1. THE WIRE, review of the CD "ARGH!"

2. Göran Persson, Expressen, review of the CD "BASTA"

3. Thomas Millroth, Gränslöst, review of the CD "BASTA"

4. PRESS RELEASE from Rönnells Vintage Book Store,
Dec. 12, 2006: Rabe/Bark-CD ”Best of 2006”


1. Dan Warburton in The WIRE magazine No. 267, 2006
on the Folke Rabe/Jan Bark CD: ARGH!

Sometimes an album appears that, to quote Jim O'Rourke's typically enthusiastic liner notes, “exposes the path that had been obscured: great composers everywhere, existing in a land before unknown to homebound experimental enthusiasts”. Swedish composers Folke Rabe and Jan Bark burst on their local scene in 1962 with Bolos, a raucous blast of four trombones that still sounds as wild and shocking as it did back then. Aided by the succès de scandale, the pair studied with Ligeti, befriended Pauline Oliveros, Terry Riley and Morton Subotnick and were invited to San Francisco's Tape Music Center in 1965. Argh! bundles together Bolos with compositions the two wrote individually in the two
decades that followed.

Rabe's Argh!, as its Pop Art comic book title suggests, is a crazy collage of US Top 40 radio station garbage, from jingles and weather forecasts to the smash hits of the day (Petula Clark's “Downtown” gets a right mauling). What's impressive is how quickly and completely the Swedes assimilated a wide range of influences.

In the space of just three years Bark's electronic music evolved from the chaotic mishmash of Ach Chamberlin (1965), which uses the primitive early sampler of the same name (though how the piece is a homage to Neville Chamberlain is not at all clear), to the dense, highly accomplished Bar, which he completed on his return to Stockholm in 1968.

Rabe's Joe's Harp (1970) is a brief choral work exploring overtone-rich throat singing, recalling both Stockhausen's Stimmung and Ligeti's Lux Aeterna and well able to stand beside both. Equally impressive is 1982's To The Barbender, a 70th birthday present for John Cage in which church bells, car crashes, cuckoo clocks and cows share the bill with Wagner's Liebestod. Meanwhile, Bark's Memoria In Memoriam is a forgotten masterpiece of 70s minimalism scored for voice, organ, piano, cello and percussion. The influence of Riley is evident in the overlapping riff work, but Bark's expansive vocal lines and lush scoring look forward to later minimalists such as John Adams and Michael Torke.

One wonders how the history of contemporary music in Sweden (and elsewhere) might have been different, had this 1975 rehearsal tape seen the light of day back when it was made.

Dan Warburton


2. Göran Persson in Expressen, Stockholm, March 24, 1995: review of the CD "BASTA"

In the auditory storm centre *)

Mad frolics, bizarre musical games, sadness and seriousness. Folke Rabe is beseeching his honest pessimism with musical humour.

”Pièce” for speaking chorus from the very young ’60:ies is landing in a horror vison of the destruction of the world even if the text is by the Swedish editor of the Mad Magazine Lasse O’Månsson. Fifteen years later**) Rabe is still asking himself: ”Which are the characteristics of a holocaust process?” With electroacoustic means he is describing a slowly progressing ”Cyclone” which is wolfing down everything that is in the way. Yet he is ready to burst out in a virtuoso ”Shazam” for solo trumpet, a musical conjuring trick written for Håkan Hardenberger.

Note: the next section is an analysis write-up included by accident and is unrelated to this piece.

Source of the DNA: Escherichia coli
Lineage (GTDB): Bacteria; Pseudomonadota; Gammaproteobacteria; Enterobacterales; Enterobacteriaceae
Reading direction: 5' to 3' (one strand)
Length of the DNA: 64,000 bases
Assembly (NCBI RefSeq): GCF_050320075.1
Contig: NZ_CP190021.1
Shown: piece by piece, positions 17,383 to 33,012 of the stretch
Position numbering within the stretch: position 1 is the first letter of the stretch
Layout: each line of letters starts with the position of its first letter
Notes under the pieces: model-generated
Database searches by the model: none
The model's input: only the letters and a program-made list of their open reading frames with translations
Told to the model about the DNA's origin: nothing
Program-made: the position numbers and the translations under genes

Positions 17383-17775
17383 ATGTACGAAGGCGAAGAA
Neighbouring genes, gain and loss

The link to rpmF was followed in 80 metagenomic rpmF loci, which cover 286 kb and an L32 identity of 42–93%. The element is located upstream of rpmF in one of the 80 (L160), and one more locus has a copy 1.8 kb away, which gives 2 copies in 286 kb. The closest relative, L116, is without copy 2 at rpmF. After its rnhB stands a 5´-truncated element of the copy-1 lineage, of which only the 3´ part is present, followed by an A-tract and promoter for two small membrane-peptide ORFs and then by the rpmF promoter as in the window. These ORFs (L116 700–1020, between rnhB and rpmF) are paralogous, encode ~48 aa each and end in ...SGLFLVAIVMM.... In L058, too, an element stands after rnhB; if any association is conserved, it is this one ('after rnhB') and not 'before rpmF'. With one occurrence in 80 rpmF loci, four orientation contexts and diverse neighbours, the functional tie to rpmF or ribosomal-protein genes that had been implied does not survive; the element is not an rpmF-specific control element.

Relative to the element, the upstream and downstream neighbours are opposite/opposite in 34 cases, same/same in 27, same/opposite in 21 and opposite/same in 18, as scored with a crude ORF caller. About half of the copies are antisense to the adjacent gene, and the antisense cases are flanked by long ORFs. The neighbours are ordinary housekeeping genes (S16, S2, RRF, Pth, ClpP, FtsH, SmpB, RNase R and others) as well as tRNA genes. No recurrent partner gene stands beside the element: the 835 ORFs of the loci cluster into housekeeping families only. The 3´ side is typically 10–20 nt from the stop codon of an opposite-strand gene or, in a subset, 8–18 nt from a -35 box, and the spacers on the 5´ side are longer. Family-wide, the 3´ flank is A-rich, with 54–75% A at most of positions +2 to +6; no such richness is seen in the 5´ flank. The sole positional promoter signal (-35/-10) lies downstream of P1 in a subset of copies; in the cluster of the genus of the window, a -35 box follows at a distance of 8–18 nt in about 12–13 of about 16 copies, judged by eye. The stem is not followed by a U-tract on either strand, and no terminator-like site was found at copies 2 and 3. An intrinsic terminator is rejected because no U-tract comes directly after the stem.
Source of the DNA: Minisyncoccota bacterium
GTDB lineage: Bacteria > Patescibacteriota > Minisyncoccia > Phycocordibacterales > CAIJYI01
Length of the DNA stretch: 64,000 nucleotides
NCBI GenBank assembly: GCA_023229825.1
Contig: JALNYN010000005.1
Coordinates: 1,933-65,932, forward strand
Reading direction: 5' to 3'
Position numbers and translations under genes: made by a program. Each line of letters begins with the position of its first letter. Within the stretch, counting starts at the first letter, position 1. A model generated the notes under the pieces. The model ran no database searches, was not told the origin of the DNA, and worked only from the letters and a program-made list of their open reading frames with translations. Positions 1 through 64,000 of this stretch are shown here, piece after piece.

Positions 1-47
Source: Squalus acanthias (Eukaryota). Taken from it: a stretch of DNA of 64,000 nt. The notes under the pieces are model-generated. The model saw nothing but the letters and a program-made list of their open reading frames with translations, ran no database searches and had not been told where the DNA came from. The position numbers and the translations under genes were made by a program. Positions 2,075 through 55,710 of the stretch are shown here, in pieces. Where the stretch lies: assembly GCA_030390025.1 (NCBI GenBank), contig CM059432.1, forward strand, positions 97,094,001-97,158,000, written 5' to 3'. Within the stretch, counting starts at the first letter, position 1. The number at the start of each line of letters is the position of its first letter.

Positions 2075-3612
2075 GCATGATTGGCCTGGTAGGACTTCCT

There is, with Rabe, an authentic movement for our time, an involvement for the world in common and for all the vulnerable (well described in ”Two Stanzas” from 1980 for choir to Göran Sonnevi’s poem). In contrast to many others he is honest enough to compose in the age in which he is living without devoting himself to any musical fashion.

”Rondes” for male chorus, with fluttering lips, nasal sounds and graphic notation, was well set in the mid ’60:ies. Now, in the ’90:ies, he is musically correct when mixing a more conventionally classical music with ethnic elements, a lappish yoik, in ”Nature, Heard and Relatives” for French Horn and String orchestra. These are, by the way, available on a (brand new) CD from Phono Suecia along with goodies such as ”Notturno” for mezzo-soprano and woodwinds as well as ”Basta” for trombone solo.

In the Trombone Concerto of 1990, which Christian Lindberg with customary authority brought to success in the Stockholm Concert Hall last Wednesday, he is quoting the old Beatles song ”Eleanor Rigby” and allowing the soloist/individual to play off himself against the orchestra/collective.

Like a rejected jerk in pants too short, Lindberg appeared among the Philharmonics. With various musical tricks he tried to ingratiate himself with the musicians. A mean interpretation would of course be that you, as an individual, always will have to subordinate yourself to the demands of the collective. In fact, it is rather a matter of rescuing humour, human sympathy and warmth. That is, at least, what Folke Rabe’s music is telling me.

*) The original headline - ”I stormörat” - is a game with words. ”Stormöga” - Storm eye - is the Swedish expression for a storm centre. ”I stormörat” litterarily means ”In the storm ear”.

**) as a matter of fact 23 years /FR/

3. Thomas Millroth in Gränslöst magazine,
No. 2, September 1995:

The necessity of the impossible

/Review of the BASTA CD, Phono Suecia PSCD 67. Compositions by Folke Rabe performed by Håkan Hardenberger (trumpet), Christian Lindberg (trombone), The Swedish Radio Chorus, Sören Hermansson (French horn), Helsingborg Symphony Orchestra, Uppsala University Male Chorus, The Bel Canto Chorus./